In the new era of big data, we are increasingly faced with the challenges of processing vast volumes of data. Given the limits of individual machines (compute power, memory, bandwidth), increasingly the solution is to process the data in parallel on many machines. This course focuses on the fundamentals of scaling computation to handle common data analytics tasks. You will learn about basic tasks in collecting, wrangling, and structuring data; programming models for performing certain kinds of computation in a scalable way across many compute nodes; common approaches to converting algorithms to such programming models; standard toolkits for data analysis consisting of a wide variety of primitives; and popular distributed frameworks for analytics tasks such as filtering, graph analysis, clustering, and classification. Recommended: broad familiarity with probability and statistics, as well as programming in Python. Additional background in statistics, data analysis (e.g., in Matlab or R), and machine learning is helpful (example: ESE 5420).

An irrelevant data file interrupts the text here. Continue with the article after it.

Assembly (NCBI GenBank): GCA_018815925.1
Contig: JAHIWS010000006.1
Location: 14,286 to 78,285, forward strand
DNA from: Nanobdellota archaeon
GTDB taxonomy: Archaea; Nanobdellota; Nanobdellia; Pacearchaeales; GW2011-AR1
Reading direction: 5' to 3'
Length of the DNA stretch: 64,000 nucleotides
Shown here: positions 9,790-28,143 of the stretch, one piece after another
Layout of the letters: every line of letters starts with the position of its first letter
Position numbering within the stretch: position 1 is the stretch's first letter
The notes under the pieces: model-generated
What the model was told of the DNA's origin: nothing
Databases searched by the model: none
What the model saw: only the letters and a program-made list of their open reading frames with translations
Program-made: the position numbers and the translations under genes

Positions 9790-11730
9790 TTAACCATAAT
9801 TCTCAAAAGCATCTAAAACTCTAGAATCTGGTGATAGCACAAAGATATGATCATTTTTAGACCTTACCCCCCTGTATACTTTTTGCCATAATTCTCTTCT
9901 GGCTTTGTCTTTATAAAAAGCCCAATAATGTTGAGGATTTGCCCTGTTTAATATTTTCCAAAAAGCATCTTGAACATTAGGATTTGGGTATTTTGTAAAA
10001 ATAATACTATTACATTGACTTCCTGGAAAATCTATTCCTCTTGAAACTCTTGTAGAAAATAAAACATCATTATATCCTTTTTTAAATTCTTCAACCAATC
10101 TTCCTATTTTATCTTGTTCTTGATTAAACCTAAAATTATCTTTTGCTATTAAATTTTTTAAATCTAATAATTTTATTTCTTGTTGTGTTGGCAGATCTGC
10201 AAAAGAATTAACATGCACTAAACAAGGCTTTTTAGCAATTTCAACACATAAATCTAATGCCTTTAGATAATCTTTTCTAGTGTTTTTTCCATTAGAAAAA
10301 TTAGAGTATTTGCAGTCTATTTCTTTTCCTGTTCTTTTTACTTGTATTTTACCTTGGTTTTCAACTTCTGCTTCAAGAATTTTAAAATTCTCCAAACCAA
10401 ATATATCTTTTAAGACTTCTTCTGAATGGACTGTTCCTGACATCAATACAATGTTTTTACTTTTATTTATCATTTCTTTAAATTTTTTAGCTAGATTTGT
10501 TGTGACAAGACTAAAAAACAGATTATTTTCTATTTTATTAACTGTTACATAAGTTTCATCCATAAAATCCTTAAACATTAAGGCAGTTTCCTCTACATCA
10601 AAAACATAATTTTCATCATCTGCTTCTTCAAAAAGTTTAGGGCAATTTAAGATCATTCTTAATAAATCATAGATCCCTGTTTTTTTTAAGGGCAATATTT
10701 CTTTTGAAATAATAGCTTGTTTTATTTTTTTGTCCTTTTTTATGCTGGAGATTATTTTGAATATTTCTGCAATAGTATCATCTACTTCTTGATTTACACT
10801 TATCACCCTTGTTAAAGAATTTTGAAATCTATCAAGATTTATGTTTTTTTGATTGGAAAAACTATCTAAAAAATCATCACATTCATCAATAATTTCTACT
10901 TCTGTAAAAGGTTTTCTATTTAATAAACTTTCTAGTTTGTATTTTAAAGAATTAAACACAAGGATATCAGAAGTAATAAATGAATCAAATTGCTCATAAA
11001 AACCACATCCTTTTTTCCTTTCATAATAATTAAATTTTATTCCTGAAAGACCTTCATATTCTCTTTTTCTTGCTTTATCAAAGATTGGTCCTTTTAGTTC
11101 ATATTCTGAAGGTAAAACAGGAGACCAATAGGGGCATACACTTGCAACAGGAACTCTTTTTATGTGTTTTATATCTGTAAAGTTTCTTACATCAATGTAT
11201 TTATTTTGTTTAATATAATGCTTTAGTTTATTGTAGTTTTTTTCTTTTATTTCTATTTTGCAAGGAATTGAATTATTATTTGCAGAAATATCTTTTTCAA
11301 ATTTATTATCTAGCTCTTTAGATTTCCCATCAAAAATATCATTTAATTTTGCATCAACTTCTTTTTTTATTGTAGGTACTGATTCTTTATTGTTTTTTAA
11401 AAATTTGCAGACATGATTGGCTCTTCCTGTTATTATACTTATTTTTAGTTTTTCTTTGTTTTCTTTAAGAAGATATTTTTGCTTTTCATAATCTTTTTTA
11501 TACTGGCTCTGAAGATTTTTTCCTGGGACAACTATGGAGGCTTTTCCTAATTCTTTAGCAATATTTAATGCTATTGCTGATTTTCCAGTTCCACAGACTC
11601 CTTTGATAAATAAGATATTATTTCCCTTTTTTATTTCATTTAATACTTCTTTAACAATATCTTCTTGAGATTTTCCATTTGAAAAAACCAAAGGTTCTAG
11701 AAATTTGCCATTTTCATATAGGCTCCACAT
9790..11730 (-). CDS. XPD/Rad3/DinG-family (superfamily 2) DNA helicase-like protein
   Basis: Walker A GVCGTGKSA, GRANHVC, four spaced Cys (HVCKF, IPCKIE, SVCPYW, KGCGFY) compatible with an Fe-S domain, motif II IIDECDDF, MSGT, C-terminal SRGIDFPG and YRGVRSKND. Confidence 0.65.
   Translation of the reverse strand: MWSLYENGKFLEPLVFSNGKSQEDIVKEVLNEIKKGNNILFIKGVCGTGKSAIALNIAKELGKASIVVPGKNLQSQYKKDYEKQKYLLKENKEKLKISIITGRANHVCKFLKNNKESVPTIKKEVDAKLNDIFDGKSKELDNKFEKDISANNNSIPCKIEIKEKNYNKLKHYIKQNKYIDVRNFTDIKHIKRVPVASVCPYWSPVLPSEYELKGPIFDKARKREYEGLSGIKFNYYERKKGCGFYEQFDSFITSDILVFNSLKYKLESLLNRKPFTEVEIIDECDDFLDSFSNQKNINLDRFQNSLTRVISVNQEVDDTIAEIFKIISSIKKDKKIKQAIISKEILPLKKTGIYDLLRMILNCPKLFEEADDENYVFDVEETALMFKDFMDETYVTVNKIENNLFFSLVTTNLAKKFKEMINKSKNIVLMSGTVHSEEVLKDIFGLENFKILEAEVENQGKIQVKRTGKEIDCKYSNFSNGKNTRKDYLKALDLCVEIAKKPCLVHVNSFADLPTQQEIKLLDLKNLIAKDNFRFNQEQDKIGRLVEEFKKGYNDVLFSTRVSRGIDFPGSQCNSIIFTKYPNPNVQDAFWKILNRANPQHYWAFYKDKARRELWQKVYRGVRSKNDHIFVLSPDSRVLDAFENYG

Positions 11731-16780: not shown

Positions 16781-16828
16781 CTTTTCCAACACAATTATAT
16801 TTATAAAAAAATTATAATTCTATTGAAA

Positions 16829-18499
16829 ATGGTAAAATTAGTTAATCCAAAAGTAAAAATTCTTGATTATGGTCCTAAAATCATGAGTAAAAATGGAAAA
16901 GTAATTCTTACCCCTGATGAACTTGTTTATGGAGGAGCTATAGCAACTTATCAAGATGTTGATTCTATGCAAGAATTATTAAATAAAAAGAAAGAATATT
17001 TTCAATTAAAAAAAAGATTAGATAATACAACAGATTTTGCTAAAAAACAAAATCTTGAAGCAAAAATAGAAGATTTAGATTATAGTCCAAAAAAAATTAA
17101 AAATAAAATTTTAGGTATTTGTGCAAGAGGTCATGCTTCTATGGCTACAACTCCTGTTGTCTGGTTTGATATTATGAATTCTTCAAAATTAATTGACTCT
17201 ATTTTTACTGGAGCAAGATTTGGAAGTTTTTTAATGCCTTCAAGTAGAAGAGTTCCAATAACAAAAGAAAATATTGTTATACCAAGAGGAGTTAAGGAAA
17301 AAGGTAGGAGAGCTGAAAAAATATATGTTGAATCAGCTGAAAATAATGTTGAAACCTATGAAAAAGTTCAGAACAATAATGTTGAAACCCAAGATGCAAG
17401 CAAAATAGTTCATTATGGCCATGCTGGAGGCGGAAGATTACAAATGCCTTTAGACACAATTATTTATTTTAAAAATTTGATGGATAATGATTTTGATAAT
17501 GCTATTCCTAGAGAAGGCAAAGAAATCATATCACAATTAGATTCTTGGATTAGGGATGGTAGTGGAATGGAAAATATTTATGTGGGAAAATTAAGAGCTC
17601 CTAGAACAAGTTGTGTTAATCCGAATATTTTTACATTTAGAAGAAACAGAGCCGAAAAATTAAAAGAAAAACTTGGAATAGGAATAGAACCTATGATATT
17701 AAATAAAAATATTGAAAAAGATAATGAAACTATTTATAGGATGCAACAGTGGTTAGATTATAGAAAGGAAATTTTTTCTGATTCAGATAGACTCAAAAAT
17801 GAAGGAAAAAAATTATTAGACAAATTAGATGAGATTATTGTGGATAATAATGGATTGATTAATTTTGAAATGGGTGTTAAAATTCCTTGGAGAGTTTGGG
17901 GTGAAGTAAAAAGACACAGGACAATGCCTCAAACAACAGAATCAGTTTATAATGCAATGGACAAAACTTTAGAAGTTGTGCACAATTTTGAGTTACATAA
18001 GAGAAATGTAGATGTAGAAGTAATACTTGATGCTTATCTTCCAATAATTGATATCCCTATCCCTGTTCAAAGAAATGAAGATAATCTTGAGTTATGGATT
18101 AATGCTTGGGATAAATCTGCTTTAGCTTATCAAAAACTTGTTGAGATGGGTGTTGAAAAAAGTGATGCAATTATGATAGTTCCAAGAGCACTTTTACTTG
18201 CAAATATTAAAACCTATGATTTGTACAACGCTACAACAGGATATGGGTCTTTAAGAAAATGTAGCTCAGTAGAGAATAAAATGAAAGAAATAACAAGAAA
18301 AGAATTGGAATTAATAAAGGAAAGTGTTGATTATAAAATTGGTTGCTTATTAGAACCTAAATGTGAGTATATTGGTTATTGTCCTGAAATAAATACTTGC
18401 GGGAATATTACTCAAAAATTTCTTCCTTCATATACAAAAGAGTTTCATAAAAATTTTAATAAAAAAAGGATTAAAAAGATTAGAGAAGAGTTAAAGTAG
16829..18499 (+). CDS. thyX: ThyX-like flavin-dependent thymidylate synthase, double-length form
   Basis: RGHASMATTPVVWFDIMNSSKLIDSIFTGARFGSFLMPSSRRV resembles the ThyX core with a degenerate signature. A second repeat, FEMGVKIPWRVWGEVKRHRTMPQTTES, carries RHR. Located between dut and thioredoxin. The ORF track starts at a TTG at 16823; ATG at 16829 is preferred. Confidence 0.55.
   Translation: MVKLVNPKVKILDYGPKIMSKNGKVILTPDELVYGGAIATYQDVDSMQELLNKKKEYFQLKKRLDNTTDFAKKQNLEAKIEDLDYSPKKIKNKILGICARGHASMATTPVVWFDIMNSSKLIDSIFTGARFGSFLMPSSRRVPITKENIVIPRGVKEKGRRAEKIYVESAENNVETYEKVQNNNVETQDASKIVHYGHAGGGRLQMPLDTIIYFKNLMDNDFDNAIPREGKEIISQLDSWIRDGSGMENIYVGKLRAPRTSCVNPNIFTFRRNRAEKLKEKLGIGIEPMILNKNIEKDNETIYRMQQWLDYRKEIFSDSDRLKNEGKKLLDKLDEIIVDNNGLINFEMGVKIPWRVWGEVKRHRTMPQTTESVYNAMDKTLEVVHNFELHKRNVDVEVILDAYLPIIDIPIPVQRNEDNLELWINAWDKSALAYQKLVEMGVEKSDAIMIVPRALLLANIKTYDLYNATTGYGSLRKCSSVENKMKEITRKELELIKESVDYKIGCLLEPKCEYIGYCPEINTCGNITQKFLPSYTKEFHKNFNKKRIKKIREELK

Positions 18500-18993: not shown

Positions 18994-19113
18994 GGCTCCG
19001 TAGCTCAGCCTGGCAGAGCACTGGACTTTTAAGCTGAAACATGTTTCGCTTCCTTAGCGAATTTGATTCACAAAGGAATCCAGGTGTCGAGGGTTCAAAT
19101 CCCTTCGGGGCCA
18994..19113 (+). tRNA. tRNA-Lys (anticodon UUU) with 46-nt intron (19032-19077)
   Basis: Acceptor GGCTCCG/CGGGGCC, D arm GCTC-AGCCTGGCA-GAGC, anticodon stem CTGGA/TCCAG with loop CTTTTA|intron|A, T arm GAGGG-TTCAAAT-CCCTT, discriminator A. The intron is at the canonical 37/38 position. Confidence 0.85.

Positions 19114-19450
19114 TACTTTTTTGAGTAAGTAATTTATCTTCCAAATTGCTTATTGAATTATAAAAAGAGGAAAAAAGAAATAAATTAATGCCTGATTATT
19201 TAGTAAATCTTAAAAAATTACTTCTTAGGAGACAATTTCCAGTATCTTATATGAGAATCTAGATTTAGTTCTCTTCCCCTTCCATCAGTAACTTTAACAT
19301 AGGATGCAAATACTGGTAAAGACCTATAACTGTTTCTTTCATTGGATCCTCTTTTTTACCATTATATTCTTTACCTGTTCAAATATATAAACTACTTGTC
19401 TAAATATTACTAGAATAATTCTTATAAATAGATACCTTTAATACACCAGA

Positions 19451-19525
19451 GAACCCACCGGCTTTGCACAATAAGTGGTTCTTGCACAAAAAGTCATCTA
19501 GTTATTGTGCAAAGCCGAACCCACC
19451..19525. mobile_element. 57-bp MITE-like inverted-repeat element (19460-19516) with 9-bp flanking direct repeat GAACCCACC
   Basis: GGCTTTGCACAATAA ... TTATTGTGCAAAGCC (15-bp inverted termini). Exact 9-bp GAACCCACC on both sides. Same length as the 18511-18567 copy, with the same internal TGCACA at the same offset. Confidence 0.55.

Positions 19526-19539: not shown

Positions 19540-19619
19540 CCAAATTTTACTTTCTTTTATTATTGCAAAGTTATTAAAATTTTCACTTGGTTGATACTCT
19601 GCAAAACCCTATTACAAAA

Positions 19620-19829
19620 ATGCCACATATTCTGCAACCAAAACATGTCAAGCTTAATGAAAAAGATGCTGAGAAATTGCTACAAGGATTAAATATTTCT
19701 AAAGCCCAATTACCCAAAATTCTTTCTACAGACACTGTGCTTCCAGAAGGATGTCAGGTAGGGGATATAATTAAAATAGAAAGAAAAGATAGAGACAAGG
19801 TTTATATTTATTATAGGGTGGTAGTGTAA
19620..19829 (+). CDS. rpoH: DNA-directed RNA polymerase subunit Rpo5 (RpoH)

COMM 2100 Quantitative Research Methods in Communication

This class was formerly listed as COMM 210.

John Jemmott (MW 12 pm - 1:30 pm)

This course is a general overview of the important components of social research. The goal of the course is to understand the logic behind social science research, be able to view research with a critical eye and to engage in the production of research. It will cover defining research problems, research design, assessing research quality, sampling, measurement, and causal inference. The statistical methods covered will include descriptive and inferential statistics, measures of association for categorical and continuous variables, inferences about means, and the basic language of data analysis. Course activities will include lectures, class exercises, reading published scientific articles, using statistical software, and discussing research featured in the news.